But even home inspectors have their limits. Some don’t have the qualifications to inspect certain aspects of the home, like the sewer drains and chimney, which is why home-buyers may want to call in a specialist to review trouble zones.

Often paying the up-front costs for a full inspection today, or before a home ins listed, can save future expenses and headaches further down the line.

roofRoofs:  The roof is one of the most expensive components of a house to repair or replace. Roof repairs are costly and can cause major problems. For homes that have shingle roofs, a home inspector will look for shingles that are cracked, loose, or curling. Inspectors will look for leaks, which they can spot if there are water stains on the back side of the fascia. On tile roofs the inspector will look for loose and cracked tiles. A good inspector will crawl as much of the attic as possible looking for stains and damaged sheathing and trusses / rafters. Also, the inspector will check for indications inside of leaks, which usually appear as stains on the ceiling.  In today’s world, you should hire an inspector that uses thermal imaging, as this can show wet areas that cannot be seen with the naked eye. A good inspector will be able to tell you the approximate, if not the replacement date, of a roof. This will help you in your decision, as all roof systems have a certain life expectancy. On a small house the cost to replace a roof can cost $6000.00. Larger homes can be upwards of $30,000.00. Shingle roofs will be less expensive than tile or metal roofs. We always recommend obtaining estimates prior to the close of the inspection period to have a full understanding of the costs involved.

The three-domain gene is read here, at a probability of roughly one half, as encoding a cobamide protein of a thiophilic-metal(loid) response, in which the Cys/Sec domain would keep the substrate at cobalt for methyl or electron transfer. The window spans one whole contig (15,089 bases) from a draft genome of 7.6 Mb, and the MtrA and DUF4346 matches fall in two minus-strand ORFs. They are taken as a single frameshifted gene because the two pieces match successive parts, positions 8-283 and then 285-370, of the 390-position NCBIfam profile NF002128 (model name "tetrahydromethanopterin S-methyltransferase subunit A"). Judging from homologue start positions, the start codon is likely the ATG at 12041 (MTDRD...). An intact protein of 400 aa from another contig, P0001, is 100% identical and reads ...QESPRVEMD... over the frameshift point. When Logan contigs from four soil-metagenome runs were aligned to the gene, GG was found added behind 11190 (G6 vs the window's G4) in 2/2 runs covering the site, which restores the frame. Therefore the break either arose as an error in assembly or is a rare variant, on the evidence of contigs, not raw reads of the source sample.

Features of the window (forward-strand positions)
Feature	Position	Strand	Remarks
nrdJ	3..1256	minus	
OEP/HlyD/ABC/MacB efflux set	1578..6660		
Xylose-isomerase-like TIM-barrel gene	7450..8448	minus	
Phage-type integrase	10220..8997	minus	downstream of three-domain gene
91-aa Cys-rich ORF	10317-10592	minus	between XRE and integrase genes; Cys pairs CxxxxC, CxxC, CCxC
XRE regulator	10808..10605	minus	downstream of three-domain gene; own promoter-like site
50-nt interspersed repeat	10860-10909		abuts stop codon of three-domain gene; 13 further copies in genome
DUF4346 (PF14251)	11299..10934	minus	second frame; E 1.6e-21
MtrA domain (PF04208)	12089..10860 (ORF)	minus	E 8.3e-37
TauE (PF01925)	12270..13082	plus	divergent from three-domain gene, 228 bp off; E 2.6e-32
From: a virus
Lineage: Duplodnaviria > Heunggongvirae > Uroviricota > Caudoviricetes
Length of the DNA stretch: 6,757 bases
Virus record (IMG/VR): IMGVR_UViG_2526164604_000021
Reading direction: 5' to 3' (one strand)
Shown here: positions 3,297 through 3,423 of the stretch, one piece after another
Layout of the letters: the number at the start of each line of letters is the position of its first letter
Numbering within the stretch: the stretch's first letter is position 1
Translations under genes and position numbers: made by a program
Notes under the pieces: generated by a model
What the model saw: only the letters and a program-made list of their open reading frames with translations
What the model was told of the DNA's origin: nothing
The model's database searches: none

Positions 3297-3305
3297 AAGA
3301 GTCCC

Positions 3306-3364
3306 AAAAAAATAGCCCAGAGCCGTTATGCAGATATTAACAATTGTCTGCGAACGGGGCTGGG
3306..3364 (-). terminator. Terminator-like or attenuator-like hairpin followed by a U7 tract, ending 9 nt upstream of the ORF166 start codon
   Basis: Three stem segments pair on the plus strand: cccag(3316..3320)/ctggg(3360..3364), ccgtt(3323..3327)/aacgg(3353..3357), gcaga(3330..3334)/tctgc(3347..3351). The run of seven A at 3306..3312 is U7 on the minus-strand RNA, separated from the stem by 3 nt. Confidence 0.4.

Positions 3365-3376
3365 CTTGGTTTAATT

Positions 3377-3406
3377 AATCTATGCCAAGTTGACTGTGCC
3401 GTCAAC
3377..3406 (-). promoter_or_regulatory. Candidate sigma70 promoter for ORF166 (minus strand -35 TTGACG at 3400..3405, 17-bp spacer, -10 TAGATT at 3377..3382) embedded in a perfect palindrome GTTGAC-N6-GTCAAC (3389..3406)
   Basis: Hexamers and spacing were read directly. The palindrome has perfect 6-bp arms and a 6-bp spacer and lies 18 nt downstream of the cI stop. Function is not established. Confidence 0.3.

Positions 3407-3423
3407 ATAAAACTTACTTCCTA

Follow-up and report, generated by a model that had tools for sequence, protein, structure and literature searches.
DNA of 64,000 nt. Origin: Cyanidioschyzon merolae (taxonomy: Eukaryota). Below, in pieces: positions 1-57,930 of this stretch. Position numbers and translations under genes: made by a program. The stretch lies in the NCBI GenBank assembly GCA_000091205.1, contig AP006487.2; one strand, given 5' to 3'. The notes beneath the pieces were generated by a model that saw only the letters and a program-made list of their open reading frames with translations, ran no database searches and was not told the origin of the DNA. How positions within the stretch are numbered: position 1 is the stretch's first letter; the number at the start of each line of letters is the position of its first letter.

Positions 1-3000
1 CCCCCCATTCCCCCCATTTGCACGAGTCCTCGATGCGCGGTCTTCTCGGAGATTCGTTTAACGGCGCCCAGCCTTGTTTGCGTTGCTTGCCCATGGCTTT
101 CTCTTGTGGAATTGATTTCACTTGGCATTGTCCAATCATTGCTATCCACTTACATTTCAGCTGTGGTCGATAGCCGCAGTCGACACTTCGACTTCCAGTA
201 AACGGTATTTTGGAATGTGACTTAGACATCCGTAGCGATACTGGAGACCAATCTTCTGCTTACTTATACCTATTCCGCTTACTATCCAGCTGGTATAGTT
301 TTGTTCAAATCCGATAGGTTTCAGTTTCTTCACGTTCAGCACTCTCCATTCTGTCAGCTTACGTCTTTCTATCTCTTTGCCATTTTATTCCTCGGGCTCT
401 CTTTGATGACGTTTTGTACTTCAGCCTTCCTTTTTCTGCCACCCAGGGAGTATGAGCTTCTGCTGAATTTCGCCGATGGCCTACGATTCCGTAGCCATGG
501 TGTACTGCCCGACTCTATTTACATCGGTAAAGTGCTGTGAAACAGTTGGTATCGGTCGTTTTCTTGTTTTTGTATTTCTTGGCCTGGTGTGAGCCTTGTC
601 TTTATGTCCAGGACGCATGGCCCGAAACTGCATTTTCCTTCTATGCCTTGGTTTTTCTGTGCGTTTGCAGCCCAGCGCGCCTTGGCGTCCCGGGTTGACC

air conditioningAir Conditioning & Heating:
With the new energy codes in effect, replacing and AC system can cost anywhere from $4000.00 to $8000.00+, depending on the size, SEER rating, and brand. It is important to know the age of the system, as most system have a life expectancy of 10-12 years. Once they reach this point, you have to make a decision on whether to try to repair a system or have it replace. Most home inspectors are not HVAC technicians. They do not carry gauges to test refrigerant pressure or leaks. Newer systems may have required that the liquid and gas lines be replaced. These are two things a licensed AC contractor can confirm.